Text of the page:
From rainforest to wasteland in 100 years: The limnological legacy of the Queenstown mines, Western Tasmania
Hodgson, Dominic A.; Vyverman, Wim; Chepstow-Lusty, Alex; Tyler, Peter A.
Archiv für Hydrobiologie Volume 149 Number 1 (2000), p. 153 - 176
published: Jul 21, 2000
ArtNo. ESP141014901007, Price: 29.00 €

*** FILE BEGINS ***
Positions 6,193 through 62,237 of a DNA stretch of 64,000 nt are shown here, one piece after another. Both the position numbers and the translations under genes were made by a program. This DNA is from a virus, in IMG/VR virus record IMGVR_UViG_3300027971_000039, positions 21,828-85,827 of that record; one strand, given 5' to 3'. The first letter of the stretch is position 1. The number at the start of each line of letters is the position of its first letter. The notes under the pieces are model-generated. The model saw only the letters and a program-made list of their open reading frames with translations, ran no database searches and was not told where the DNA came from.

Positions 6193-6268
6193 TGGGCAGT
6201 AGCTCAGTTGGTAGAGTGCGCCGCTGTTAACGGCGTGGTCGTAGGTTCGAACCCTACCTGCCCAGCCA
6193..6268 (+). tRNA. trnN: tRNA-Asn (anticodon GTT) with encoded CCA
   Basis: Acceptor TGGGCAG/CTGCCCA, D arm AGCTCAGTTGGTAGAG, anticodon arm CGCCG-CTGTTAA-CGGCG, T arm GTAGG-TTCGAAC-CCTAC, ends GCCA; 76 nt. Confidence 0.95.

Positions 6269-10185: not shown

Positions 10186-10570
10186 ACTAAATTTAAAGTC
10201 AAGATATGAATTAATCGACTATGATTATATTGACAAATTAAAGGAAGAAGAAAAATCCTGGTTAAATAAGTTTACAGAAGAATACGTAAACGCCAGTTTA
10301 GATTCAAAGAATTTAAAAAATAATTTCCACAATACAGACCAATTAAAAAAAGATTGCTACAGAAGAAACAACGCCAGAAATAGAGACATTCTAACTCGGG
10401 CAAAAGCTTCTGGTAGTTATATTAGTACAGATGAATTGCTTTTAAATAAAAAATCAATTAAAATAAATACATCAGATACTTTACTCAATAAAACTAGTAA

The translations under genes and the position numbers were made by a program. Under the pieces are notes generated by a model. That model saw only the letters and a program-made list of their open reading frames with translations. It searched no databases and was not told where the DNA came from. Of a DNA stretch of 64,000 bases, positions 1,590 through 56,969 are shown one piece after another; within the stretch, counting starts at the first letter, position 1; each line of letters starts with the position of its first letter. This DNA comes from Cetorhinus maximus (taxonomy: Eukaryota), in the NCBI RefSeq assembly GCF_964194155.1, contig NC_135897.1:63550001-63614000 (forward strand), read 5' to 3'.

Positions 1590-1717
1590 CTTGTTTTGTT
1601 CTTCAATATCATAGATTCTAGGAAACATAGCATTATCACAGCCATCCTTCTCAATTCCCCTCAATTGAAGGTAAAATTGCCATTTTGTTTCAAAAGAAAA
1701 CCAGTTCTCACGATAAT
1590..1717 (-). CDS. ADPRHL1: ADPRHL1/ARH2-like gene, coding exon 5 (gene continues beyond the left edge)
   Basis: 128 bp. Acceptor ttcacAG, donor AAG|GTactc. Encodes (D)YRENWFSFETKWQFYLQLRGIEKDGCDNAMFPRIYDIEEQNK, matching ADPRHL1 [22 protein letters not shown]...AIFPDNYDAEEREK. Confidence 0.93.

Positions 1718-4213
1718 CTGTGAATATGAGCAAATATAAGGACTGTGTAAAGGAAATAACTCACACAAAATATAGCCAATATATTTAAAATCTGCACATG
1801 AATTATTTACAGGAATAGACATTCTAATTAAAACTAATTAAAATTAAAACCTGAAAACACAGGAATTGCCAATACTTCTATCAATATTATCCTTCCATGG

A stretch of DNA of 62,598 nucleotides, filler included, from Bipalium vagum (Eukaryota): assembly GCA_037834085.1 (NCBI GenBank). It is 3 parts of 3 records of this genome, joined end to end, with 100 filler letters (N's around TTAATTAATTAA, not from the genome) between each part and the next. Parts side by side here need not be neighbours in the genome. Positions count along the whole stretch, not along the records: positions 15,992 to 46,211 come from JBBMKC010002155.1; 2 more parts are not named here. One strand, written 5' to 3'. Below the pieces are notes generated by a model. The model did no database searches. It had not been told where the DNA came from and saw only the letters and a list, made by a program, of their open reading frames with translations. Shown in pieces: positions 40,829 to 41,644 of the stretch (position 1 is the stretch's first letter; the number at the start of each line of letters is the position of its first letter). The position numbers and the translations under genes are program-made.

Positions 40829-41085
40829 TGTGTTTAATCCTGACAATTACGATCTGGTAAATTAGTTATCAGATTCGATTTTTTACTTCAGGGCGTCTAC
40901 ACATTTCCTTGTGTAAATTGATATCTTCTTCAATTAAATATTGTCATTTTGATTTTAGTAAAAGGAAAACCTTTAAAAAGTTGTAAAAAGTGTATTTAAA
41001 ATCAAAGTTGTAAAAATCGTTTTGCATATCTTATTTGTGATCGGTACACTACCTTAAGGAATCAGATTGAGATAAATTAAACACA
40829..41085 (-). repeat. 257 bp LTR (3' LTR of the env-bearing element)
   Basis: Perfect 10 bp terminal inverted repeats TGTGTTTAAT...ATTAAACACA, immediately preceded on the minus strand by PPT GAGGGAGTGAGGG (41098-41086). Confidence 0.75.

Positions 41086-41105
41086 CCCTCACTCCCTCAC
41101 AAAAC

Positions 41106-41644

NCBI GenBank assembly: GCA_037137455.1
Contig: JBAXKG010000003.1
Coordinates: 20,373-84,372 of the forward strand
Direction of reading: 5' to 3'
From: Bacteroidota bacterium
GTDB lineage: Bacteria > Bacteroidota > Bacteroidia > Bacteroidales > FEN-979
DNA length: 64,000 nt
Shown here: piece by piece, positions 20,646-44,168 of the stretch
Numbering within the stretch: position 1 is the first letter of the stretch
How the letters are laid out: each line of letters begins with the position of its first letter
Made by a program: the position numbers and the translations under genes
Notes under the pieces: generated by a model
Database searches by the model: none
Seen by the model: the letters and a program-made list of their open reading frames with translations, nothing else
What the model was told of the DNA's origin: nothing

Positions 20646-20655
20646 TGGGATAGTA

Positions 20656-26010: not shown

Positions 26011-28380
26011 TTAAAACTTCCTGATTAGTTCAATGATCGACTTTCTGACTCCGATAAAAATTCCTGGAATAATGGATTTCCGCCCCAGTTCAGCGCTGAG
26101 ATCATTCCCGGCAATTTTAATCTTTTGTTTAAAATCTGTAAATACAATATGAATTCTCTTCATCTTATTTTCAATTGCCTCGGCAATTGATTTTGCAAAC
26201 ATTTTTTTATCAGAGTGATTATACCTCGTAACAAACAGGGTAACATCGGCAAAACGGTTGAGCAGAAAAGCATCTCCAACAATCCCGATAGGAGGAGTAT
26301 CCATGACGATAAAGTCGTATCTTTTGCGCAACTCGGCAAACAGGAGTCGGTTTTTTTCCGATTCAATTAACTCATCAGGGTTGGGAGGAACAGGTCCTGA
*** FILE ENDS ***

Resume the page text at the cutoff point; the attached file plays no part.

Areas within the rainforests of south-west Tasmania, home to Aboriginal tribes for more than 36,000 years, were dramatically changed in the late 1800s with the arrival of European prospectors. Subsequent large-scale mining and smelting operations resulted in acid rain, local deforestation and extensive soil erosion. Much of the area is now bare rock. The aims of this study were to examine the terrestrial and lacustrine responses to industrial acidification and deforestation as revealed by a sediment core from 'Owen Tarn' a small cirque lake down-wind of the mining town of Queenstown, and adjacent to a World Heritage Area. Terrestrial responses were investigated using pollen analysis to document both the state of the rainforest before and after the arrival of the Europeans. Limnological responses were documented by examining changes in diatom communities in the core. Results show both the terrestrial vegetation and the aquatic microscopic vegetation have been considerably modified by mining activities in the last 100 years. Pollen analysis provides a chronology of industrial deforestation and diatom analysis shows changes in species composition and a decline in species richness. Indirect ordination (PCA) of sediment diatom assemblages in the core with autecological data from 76 Tasmanian highland lakes (TASDIAT) reveals that diatom assemblages in the bottom parts of the core are analogous to those of Tasmanian oligotrophic 'corridor lakes' while recent species assemblages are similar to those of acidic Tasmanian 'western lakes'. Although a number of 'cosmopolitan' species indicative of lake acidification in the northern hemisphere are present in Owen Tarn, acidification has resulted in a different species response. In the most recent sediments the assemblage is dominated by Eunotia species in which valve deformation is manifest. These are a possible response to chemical stress. Lower abundances of deformed diatoms occur in the surface sediments and there is an increase in pollen from herbaceous taxa which reflects the revegetation of the catchment. Both responses are consistent first signs of recovery of the lake and revegetation of the catchment following the cessation of smelting activities in 1969. The most recent diatom assemblages in Owen Tarn (top 1.5 cm) resemble those of L. Spicer and L. Dora in the nearby Tyndall range. It cannot be excluded that these, and other lakes in the World Heritage Area, may have experienced some degree of ecological change as a result of long-range pollution from historic smelting activities.